Databases are the best way of finding peer-reviewed articles, scholarly books, conferences, theses and other information on your topic. Some databases enable you to search across disciplines while others are tailored to help researchers in your specific subject.
Have a look at the key databases for life sciences:
Alternatively, use our full database list to explore databases by subject or material type.
Information Skills for Life Sciences.
Searching for up to date research to support your assignments is an important skill and it is worth spending some time reviewing the databases that you have access to.
This tutorial will introduce you to three key databases: PubMed, Web of Science and Scopus.
The tutorial will show you how to put a search strategy together, some advanced search techniques and how to the full text of articles.
Conducting a systematic literature search.
For anyone undertaking a systematic review, a scoping review or any review that requires evidence of how you have searched the research literature, this tutorial will help you to think about the practical steps of completing the searching stage of your systematic review. This includes advanced search techniques, the use of search filters, supplementary search techniques, including citation searching. There is also advice on recording your search strategies and managing your references.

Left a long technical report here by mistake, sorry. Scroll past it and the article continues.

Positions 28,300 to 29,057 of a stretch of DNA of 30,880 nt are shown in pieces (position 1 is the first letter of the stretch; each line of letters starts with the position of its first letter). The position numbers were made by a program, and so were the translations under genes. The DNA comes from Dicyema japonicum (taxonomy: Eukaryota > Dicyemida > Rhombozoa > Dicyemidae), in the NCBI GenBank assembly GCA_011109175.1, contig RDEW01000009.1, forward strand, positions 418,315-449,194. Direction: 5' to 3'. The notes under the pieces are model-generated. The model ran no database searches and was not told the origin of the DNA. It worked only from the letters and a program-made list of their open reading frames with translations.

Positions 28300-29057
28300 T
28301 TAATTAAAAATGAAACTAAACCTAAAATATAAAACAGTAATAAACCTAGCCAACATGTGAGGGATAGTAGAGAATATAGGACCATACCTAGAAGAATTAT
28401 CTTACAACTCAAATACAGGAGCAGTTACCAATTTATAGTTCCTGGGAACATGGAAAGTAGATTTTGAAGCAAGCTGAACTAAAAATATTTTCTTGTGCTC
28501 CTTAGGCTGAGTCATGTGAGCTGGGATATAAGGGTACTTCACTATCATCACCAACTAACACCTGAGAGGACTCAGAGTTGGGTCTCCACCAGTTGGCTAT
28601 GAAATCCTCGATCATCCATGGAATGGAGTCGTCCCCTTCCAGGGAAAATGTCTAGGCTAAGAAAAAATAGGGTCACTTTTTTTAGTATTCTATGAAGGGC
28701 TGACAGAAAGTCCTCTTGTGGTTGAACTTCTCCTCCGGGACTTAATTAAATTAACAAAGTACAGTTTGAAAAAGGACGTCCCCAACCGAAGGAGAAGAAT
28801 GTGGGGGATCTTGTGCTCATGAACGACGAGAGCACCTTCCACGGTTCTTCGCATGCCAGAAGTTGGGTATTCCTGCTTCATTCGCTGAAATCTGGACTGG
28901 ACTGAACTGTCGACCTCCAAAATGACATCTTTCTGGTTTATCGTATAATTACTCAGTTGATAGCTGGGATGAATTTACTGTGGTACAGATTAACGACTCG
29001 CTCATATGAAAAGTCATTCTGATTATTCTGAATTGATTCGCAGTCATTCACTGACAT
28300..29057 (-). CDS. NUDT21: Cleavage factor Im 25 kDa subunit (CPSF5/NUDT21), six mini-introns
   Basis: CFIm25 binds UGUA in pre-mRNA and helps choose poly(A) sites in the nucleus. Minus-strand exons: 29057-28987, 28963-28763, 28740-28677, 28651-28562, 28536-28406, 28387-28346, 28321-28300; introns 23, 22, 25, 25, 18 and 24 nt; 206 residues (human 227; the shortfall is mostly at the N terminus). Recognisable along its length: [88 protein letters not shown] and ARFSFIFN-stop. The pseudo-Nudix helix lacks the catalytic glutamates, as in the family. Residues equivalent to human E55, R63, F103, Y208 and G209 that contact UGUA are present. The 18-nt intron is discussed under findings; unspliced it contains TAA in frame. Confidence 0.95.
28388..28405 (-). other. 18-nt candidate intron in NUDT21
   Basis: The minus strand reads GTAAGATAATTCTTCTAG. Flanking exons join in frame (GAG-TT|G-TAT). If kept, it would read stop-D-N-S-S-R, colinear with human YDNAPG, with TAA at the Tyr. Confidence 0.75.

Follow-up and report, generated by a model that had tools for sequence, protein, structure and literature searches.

Advanced search techniques.
There are a range of search techniques that you can use to help to refine your search strategies, such as truncation, wildcards, phrase searching and proximity searching. Some of these techniques apply across all databases, for example, truncation searching and others will vary between the different databases, for example, proximity searching. The following guide will show you how to apply these techniques in the following databases – Medline, Embase, PsycInfo, CINAHL, Web of Science, ASSIA, Scopus and the Cochrane Library.
Medline is a specialist database that indexes most of the world's research articles in the area of medicine. It is an alternative database to PubMed - you don't need to search both. For more complex searches, you may find Medline a bit easier to use.
This tutorial takes you through the process of creating an effective search strategy for the Medline database and gives you an opportunity to have a go at completing a search. It also covers some of the more general search principles and techniques that you can use with any database. The quiz at the end allows you to assess what you have learnt.
If you have any questions or need any help and advice, please contact me. I am happy to meet in person or via Teams or have a chat via email.
The library has a range of self-study courses to support study skills from library inductions for new students, to support on your PhD journey, to mindfulness and meditation.
Research for Assignments
Create Visual Presentations
The PhD Process.